Depressed Energy Prices Cause Decline in U.S.-Mexico Trade


2/23/2016 Forbes.com

By Christopher Wilson, Deputy Director, Mexico Institute

forbesFrom 2009-2014, U.S.-Mexico trade skyrocketed. Bilateral trade grew 75%, faster than U.S. trade with any other major trading partner, including China (61%), and importantly, both imports and exports were growing rapidly. In 2015, trade growth came to a screeching halt, though strong fundamentals suggest this may be more of a temporary blip than a new trajectory.

The Census Bureau recently released U.S. merchandise trade statistics for 2015, and though Mexico is still the United States’ second largest export market and third largest overall trading partner, for the first time since the economic crisis of 2008-2009, U.S.-Mexico trade declined from the previous year’s level. Interestingly, as shown in the graph below, U.S.-Canada trade dropped sharply in 2015, allowing China to become the United States’ top trading partner. In 2014, the two countries traded $534.3 billion, but in 2015 that number fell to $531.1, a decline of some $3.2 billion dollars. U.S. imports from Mexico basically held steady, growing from $294.1 to $294.7 billion, although this apparent stagnation masks multiple underlying trends. Exports, on the other hand, dropped some $3.8 billion. This brief analysis examines recent trends in bilateral trade and their implications for the future of U.S. and Mexican economies.

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Nissan In Mexico: Japanese Automaker Exports 5 Millionth Car From Its Mexican Manufacturing Base

8/18/2015 International Business Times

To give you a sense of just how fast Mexico is becoming a major automotive manufacturing hub, consider this: For its first three decades of sending its Mexican-made cars abroad, Nissan exported roughly 33,000 cars and trucks every year. But since 2002, that number has topped 307,000 units annually, a nearly tenfold average annual increase.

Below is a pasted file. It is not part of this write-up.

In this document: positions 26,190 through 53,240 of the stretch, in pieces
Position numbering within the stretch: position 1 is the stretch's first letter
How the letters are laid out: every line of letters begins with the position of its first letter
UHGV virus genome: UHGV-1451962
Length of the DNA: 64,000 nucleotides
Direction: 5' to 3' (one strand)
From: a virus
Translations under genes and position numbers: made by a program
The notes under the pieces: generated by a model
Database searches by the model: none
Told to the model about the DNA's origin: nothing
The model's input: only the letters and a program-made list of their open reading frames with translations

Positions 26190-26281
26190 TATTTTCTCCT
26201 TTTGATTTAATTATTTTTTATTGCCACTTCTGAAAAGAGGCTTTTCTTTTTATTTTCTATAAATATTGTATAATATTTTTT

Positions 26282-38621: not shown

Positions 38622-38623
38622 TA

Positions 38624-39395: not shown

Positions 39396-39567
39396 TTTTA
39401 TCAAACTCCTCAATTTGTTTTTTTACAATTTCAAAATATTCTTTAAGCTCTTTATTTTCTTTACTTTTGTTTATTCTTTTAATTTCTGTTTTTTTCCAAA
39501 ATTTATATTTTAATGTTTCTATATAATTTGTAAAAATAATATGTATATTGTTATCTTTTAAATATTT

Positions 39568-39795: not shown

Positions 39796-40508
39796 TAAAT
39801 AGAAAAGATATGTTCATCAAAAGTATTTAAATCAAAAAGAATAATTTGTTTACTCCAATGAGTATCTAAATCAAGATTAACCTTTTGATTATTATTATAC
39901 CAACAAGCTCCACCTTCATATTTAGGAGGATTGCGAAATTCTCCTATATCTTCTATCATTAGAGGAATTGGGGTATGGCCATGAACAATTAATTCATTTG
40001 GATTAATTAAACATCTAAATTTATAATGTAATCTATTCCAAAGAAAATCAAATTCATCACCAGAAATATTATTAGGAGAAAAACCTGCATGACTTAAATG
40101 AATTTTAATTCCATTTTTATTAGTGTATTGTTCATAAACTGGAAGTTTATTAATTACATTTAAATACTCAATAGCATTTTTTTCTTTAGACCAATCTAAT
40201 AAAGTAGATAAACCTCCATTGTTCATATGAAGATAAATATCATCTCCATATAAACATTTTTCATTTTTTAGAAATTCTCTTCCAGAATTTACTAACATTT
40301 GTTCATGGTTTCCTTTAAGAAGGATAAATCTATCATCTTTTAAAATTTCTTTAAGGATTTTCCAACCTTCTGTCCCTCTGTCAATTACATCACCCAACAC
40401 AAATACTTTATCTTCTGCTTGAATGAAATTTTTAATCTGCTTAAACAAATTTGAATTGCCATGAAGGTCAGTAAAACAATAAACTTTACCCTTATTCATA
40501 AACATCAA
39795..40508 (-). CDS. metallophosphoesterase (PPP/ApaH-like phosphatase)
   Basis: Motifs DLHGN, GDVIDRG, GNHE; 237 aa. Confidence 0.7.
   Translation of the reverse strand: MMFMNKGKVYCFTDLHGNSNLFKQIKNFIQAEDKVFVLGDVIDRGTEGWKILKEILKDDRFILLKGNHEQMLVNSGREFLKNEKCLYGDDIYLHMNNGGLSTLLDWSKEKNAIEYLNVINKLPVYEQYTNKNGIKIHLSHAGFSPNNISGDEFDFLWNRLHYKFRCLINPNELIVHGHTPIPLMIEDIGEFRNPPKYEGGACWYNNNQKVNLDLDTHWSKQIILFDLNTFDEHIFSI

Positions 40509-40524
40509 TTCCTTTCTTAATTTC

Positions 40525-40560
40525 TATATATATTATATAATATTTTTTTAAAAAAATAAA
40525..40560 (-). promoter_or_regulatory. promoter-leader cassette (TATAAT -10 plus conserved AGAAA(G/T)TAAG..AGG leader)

On Monday, Nissan announced that a red NP300 pickup truck became its 5 millionth Mexican-made export since the Japanese automaker began sending its vehicles from Mexico to the United States in 1972. That’s up from 4 million in 2013, which means the export pace has accelerated to about a half-million cars annually in the past two years.

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Mexican Auto Industry Accelerates in Early 2015

02/09/15 Wall Street Journal

iStock_000008876270MediumMexico’s auto industry, which powered a large part of the country’s manufacturing gains last year, got off to a strong start in 2015 by producing 6.8% more cars and light trucks in January than in the same month a year ago, the auto industry association AMIA said Monday.

The increase in output to 266,424 units was supported by a 15% rise in exports to 204,907 units, and a 21% jump in domestic new car sales to 103,697 units.

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Audi Said to Plan Cost-Growth Reduction of $2.5 Billion

10/08/14 Bloomberg

Audi-Q5Audi has a 22 billion-euro investment budget for the next five years, with 70 percent of the spending going toward new products and technology. Most of the rest is allocated to expanding manufacturing capacity, including new plants in Brazil and Mexico.

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GM Moving Cadillac SRX Production to U.S. From Mexico

08/27/14 The Wall Street Journal

autosGeneral Motors Co. on Wednesday said it would invest as much as $185 million to build small engines at its Spring Hill, Tenn., factory and move production of its Cadillac SRX crossover vehicle to the facility from Mexico, capping a multiyear shift by the auto maker to bring more work back into its unionized U.S. factories.

Production of the about $40,000 SRX, now assembled at the Detroit auto maker’s Ramos Arizpe, Mexico, factory, will move to the former Saturn division facility in late 2015 with the launch of the second generation SRX. The car should arrive in showrooms in early 2016.

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Kia Will Spend More Than $1 Billion on Mexico Auto Plant

08/27/14 Bloomberg

manufacutiringKia Motors Corp. (000270) plans to build its first assembly plant in Mexico as the South Korean automaker follows European and Asian rivals in adding regional production.

Mexican President Enrique Pena Nieto said today the company will invest more than $1 billion in the factory and attract another $1.5 billion from Kia suppliers in Mexico. The plant will produce 300,000 vehicles a year and be completed in the first half of 2016, Kia Vice Chairman Lee Hyoung-Keun said at an event with Pena Nieto in Mexico City.

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Manufacturers Love U.S., Mexico

08/19/14 Forbes

manufacutiringWe’ve been hearing this for the past three years: multinationals are moving to the U.S. to manufacture goods of all kinds. China’s days as the globe’s low cost producer are over. Hurrah for labor.

Not so fast.

One reason why manufacturing is returning to the U.S. is stagnant wages. Other reasons are because of logistics, location to other markets the manufacturer is targeting, and high productivity due to automation.

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